On September 17, 2014, the Commodities Futures Trading Commission (“CFTC”) issued a final rule, amending its regulations to permit a person to exclude utility operations-related swaps entered into with “utility special entities” when calculating the aggregate gross notional amount of that person’s swap positions. This exclusion is solely for purposes of the de minimis exception applicable to swaps with “special entities.”
Section 1a(49)(D) of the Commodity Exchange Act requires the CFTC to exclude an entity that engages in a “de minimis” amount of swap dealing from the statutory definition of “swap dealer.” This section also requires that the CFTC promulgate regulations establishing the parameters of this exclusion.
In carrying out this statutory mandate, the CTFC adopted Regulation 1.3(ggg) in 2012, which contained an exclusion from the definition of “swap dealer” for a person that has entered into swap positions connected to its swap dealing activities that, in the aggregate, do not exceed either of two aggregate gross notional amount thresholds during the proceeding twelve-month period. The two thresholds are: 1) the “General De Minimis Threshold,” which consists of a $3 billion ceiling, subject to a phase-in level of $8 billion; and 2) the “Special Entity De Minimis Threshold,” which consists of a $25 million ceiling for swaps in which the counterparty is a “special entity.” Regulation 23.401(c) further defines “special entity” to include federal and state agencies, cities, counties, municipalities, and “any instrumentality, department, or corporation…established by a State or Subdivision of a State,” among others.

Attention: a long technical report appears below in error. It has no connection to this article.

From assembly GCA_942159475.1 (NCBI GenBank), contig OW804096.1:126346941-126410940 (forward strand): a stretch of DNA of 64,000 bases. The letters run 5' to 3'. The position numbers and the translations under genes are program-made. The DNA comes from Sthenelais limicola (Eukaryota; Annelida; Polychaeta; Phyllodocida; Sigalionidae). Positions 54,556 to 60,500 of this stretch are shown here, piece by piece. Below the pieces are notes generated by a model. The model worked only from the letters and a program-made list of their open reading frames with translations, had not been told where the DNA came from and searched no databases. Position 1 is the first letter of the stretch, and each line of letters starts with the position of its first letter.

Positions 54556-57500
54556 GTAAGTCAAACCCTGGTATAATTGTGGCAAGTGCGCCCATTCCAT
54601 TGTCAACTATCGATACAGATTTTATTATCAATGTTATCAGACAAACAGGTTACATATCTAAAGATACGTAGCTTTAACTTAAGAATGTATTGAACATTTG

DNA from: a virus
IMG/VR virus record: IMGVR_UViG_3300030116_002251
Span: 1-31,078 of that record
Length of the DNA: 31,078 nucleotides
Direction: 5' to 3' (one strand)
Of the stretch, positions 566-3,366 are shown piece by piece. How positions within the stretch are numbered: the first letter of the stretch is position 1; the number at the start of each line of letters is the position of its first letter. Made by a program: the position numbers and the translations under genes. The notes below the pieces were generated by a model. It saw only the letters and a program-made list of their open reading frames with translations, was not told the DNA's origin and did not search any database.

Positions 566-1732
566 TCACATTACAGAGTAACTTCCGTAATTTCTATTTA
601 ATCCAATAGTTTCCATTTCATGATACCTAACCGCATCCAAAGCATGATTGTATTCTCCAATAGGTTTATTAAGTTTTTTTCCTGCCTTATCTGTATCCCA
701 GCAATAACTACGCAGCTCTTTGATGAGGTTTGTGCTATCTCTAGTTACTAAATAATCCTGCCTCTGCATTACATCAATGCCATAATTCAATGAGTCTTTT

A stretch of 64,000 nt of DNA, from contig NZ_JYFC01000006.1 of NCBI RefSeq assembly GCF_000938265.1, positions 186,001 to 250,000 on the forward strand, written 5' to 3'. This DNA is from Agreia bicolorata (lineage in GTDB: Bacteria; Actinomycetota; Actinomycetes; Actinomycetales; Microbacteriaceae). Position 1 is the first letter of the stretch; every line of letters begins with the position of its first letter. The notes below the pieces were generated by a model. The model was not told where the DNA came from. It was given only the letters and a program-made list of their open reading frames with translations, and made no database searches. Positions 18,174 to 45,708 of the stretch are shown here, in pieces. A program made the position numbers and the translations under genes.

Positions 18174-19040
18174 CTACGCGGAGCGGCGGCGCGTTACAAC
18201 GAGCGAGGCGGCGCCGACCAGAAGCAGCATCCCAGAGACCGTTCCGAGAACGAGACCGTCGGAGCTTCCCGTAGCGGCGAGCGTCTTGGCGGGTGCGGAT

On July 12, 2012, the American Public Power Association, the Large Public Power Council, the American Public Gas Association, the Transmission Access Policy Study Group, and the Bonneville Power Administration (“Petitioners”) petitioned the CFTC to exclude from consideration, when determining whether a person has exceeded the Special Entity De Minimis Threshold of $25 million, swaps involving electric and gas utilities owned by state and local governments, and federal power marketing administrations—defined by the Petitioners as “utility special entities.” These parties were particularly concerned with “utility operations-related swaps,” or swaps that a utility enters into to hedge or mitigate commercial risk.
Under the CFTC’s final rule, such utility operations-related swaps are subject to the higher General De Minimis Threshold of $3 billion with a phase-in level of $8 billion, rather than the significantly smaller Special Entity De Minimis Threshold of $25 million. The CFTC found that this higher threshold was in the public interest, given the critical role that gas and electric distribution plays in public safety and commerce, and the important role that swaps play in the day-to-day business of the utility special entities that provide these services.
A copy of the CFTC’s final rule may be found here.